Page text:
Delhi chief minister announces resignation to protest blocking of anti-graft bill

Delhi's Chief Minister Arvind Kejriwal addresses media on January 21, 2014. Mr Kejriwal announced his resignation on February 14, 2014 to protest delays to the anti-corruption bill, after less than 50 days in office. -- PHOTO: AFP
Delhi's Chief Minister Arvind Kejriwal addresses media on January 21, 2014. Mr Kejriwal announced his resignation on February 14, 2014 to protest delays to the anti-corruption bill, after less than 50 days in office. -- PHOTO: AFP

NEW DELHI - Delhi Chief Minister Arvind Kejriwal resigned on Friday night after only 48 days in office to protest the blocking of an anti-corruption bill at the state assembly, pushing Delhi towards yet another election.

His resignation came after a day of high drama in the assembly where 42 legislators of the Bharatiya Janata Party (BJP) and Congress Party blocked the anti-corruption bill on the grounds that it should be approved by the federal government first.

Opposition legislators also tried to shout down Mr Kejriwal as he tried to speak in the assembly.

"This seems like our last session," Mr Kejriwal said in the Delhi assembly after it was clear that the bill had been blocked.

Later at the headquarters of his Aam Aadmi Party (AAP) on Friday night, Mr Kejriwal announced his resignation.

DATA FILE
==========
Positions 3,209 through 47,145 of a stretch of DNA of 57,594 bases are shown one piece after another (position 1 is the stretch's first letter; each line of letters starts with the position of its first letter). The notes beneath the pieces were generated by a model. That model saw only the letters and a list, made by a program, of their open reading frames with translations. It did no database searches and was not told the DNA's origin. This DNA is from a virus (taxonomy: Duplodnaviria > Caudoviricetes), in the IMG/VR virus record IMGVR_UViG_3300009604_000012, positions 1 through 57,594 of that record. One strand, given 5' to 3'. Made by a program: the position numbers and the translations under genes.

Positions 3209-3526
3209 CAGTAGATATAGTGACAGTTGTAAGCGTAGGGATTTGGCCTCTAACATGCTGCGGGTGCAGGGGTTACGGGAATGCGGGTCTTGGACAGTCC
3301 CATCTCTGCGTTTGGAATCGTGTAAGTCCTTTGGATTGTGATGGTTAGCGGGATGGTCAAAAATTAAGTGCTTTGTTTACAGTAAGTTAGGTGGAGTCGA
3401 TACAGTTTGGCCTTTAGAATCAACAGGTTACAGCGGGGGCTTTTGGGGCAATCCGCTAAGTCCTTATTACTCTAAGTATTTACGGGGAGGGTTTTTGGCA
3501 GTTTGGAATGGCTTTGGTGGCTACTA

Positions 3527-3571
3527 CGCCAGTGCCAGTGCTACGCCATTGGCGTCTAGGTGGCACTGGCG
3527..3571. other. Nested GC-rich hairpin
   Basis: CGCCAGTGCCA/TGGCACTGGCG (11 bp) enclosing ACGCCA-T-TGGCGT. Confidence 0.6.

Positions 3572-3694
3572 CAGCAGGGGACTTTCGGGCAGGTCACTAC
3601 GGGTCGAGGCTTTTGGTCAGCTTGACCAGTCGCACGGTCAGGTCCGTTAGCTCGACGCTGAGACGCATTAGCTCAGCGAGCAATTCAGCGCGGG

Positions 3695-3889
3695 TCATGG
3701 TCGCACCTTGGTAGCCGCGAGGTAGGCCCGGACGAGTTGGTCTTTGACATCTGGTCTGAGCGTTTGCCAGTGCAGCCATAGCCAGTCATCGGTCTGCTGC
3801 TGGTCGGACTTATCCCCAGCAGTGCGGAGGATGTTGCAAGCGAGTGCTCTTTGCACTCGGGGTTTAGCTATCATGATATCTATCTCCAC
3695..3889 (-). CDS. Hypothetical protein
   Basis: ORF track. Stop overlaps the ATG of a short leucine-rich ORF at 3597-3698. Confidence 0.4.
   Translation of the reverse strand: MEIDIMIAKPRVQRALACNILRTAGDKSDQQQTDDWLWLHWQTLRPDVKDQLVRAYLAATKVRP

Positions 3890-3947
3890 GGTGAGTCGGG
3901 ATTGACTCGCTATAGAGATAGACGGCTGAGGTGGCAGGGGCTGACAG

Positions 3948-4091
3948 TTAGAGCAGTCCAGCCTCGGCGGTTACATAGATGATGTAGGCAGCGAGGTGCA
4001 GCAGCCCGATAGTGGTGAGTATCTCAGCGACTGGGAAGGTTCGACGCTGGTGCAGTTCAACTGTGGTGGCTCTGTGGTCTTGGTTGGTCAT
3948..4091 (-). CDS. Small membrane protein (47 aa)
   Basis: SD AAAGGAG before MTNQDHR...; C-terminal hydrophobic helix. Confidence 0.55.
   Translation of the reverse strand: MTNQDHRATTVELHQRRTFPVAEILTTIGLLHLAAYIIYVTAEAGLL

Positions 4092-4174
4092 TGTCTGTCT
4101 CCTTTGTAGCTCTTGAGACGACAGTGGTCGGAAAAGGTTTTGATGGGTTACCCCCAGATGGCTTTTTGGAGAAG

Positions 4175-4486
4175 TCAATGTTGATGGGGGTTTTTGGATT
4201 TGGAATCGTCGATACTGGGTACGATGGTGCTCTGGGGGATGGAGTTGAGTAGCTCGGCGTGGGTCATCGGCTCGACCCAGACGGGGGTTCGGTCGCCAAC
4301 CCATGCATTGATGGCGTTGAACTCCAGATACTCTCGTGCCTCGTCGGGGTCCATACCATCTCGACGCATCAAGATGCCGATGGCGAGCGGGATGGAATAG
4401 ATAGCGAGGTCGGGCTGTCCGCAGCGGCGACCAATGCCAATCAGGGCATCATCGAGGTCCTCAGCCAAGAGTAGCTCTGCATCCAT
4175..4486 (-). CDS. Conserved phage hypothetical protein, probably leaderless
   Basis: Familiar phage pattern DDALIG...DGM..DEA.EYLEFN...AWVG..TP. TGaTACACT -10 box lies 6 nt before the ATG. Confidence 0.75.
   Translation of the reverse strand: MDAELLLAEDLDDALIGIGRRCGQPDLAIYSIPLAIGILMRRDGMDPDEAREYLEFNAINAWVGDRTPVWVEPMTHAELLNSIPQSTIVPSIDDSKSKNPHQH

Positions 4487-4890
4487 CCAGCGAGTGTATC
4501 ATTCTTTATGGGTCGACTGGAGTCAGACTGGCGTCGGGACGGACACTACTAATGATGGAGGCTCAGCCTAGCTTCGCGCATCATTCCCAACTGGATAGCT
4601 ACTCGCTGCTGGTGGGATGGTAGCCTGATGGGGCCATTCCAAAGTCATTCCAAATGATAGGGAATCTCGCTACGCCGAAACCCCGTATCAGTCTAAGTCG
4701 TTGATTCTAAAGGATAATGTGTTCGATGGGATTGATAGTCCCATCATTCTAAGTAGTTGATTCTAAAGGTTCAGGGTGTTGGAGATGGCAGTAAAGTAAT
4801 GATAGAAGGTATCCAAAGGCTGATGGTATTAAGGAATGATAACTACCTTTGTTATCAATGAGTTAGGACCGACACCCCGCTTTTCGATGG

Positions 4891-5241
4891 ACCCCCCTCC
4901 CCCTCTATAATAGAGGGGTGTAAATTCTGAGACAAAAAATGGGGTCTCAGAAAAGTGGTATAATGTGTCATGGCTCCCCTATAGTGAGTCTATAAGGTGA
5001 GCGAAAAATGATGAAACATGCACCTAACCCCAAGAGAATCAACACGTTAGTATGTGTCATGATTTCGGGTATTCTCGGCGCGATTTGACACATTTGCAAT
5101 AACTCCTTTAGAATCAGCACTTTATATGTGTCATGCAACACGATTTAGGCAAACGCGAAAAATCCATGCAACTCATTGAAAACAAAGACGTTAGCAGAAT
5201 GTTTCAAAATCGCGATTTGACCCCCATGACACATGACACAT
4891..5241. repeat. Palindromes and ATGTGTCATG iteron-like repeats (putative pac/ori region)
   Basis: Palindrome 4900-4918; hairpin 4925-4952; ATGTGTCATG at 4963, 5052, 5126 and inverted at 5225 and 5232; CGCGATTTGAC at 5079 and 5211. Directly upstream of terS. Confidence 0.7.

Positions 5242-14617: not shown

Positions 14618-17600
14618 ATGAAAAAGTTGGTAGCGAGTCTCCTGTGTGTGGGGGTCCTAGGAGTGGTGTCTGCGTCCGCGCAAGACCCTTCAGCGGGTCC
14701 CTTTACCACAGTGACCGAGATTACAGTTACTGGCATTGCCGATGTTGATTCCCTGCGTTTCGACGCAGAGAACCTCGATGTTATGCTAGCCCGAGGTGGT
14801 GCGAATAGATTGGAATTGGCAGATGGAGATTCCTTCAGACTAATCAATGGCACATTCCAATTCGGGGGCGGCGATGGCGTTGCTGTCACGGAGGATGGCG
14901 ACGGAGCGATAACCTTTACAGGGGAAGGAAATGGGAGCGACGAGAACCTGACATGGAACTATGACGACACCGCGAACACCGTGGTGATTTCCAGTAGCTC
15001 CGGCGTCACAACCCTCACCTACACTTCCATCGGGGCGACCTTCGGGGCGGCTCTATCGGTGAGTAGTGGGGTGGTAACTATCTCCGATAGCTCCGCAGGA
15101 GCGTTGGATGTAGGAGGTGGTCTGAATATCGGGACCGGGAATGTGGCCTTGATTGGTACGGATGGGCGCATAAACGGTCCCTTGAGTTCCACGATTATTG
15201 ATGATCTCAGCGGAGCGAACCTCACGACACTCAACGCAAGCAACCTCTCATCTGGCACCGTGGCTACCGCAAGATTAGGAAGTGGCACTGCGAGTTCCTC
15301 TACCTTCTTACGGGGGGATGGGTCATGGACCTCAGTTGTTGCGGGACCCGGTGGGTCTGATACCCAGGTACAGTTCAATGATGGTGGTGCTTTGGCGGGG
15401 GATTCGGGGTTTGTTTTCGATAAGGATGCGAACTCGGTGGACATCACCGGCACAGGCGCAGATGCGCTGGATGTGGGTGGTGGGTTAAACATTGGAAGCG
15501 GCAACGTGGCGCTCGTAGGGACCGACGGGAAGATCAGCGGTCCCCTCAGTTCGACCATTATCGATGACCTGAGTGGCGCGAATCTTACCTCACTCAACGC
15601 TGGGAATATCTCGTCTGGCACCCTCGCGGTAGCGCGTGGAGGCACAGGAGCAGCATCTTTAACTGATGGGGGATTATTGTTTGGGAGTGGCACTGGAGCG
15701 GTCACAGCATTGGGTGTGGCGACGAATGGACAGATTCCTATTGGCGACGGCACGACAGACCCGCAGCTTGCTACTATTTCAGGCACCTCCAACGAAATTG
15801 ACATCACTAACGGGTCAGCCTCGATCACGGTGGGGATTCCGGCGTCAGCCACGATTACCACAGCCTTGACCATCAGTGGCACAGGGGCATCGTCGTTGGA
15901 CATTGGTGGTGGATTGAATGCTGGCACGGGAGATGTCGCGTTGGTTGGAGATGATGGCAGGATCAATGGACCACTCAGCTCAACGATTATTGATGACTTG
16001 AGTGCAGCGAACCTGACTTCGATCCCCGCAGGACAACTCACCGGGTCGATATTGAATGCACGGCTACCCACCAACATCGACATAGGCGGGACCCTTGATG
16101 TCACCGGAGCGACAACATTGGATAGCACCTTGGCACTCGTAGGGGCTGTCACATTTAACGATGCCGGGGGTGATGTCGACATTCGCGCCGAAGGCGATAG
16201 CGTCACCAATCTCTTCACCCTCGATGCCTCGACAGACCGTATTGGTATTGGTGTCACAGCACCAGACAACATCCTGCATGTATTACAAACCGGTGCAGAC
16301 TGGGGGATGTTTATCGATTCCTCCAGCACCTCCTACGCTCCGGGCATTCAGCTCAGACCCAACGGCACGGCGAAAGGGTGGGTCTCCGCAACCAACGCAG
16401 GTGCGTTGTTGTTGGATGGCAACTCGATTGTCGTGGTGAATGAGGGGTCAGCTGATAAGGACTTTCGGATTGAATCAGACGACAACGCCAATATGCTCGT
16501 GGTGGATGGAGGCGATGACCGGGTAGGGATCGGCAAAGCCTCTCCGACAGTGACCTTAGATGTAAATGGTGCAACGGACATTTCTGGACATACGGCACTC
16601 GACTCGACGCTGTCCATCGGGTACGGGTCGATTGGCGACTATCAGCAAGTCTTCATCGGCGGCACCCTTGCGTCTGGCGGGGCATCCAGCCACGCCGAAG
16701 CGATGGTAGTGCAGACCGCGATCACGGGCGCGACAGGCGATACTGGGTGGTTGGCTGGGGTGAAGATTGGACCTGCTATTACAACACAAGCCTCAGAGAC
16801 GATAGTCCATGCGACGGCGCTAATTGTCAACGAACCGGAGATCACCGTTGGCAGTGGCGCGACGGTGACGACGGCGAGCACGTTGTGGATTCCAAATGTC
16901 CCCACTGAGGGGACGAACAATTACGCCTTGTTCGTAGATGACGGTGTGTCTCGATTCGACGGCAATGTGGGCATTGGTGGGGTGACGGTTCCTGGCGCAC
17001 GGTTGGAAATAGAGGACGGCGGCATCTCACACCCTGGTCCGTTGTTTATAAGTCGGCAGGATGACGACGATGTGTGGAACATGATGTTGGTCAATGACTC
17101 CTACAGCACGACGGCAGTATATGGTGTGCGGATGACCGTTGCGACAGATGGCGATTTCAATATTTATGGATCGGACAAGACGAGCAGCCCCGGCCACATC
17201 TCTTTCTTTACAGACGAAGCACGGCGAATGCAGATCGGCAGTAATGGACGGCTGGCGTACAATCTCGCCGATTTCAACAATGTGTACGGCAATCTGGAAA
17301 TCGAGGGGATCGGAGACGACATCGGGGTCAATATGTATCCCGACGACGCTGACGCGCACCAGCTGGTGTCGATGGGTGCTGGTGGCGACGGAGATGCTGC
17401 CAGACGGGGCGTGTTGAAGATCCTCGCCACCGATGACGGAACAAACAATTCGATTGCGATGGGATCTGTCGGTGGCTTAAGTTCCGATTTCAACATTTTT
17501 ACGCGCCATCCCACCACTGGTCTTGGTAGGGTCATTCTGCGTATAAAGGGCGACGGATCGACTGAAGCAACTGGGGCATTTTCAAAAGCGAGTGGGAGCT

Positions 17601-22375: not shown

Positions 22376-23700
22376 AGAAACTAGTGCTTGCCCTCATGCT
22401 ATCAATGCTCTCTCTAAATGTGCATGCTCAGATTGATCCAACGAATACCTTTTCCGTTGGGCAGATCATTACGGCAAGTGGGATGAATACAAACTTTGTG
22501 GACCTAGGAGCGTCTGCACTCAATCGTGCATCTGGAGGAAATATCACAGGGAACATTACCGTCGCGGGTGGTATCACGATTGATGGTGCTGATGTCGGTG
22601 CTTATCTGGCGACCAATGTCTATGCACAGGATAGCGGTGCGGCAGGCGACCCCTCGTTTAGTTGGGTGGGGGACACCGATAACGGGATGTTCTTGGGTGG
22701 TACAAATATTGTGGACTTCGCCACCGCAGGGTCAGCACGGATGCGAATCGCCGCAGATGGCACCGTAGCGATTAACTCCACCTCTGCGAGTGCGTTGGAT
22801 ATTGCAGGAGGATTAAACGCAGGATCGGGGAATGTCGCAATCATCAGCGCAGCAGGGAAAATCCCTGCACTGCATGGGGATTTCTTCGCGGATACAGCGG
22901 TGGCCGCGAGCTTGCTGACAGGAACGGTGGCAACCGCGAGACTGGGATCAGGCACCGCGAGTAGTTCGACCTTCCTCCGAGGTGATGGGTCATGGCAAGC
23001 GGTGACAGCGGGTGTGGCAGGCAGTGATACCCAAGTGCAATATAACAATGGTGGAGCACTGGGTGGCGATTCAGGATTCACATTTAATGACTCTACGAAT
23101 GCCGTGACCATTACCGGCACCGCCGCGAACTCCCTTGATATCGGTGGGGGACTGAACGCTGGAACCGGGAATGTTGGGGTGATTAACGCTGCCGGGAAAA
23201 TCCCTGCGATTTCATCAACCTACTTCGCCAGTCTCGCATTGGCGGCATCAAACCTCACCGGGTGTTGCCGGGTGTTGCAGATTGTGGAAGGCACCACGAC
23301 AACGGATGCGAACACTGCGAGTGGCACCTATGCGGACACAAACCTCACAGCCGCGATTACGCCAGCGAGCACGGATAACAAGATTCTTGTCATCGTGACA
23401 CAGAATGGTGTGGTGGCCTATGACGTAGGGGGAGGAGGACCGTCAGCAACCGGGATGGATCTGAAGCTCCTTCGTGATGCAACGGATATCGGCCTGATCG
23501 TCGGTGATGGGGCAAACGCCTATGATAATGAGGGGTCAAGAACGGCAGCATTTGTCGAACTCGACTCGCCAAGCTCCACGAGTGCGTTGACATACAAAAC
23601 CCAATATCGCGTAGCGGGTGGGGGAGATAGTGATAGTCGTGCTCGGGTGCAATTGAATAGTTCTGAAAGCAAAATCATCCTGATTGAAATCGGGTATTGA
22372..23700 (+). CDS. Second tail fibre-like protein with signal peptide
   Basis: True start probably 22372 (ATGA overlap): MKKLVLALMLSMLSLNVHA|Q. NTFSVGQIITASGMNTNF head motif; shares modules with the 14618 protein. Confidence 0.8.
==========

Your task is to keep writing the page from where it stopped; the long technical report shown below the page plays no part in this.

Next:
"I have tried to work honestly. I am a human being,,, I may have made mistakes,'' he told his supporters.

He also recommended fresh polls for Delhi.

"Delhi Assembly should be dissolved and re-elections should take place.''

His supporters cheered even as Mr Kejriwal announced his resignation after being in office for only 48 days following a stunning debut in Indian politics.

The former income tax officer turned social activist had used an anti-corruption uprising that fed on people's anger against corruption to launch his political party in November 2012.

He bucked all predictions, winning 28 of the 70 seats in elections in December and forming the government with support from the Congress party.

But the AAP ran into rough weather within a month of being in power.

It faced criticism after Delhi law minister Somnath Bharti led a mob that illegally detained African women on suspicion of being in a prostitution and drugs racket.

That was followed by Mr Kejriwal holding street protests against the police that did not go down well with residents of Delhi and even some of his own supporters.

Mr Kejriwal, who had made fighting corruption the cornerstone of his government and even introduced an anti-corruption helpline, had earlier in the week said in a television interview that he would resign if the anti-graft bill did not make it through the Delhi assembly.

gnirmala@sph.com.sg

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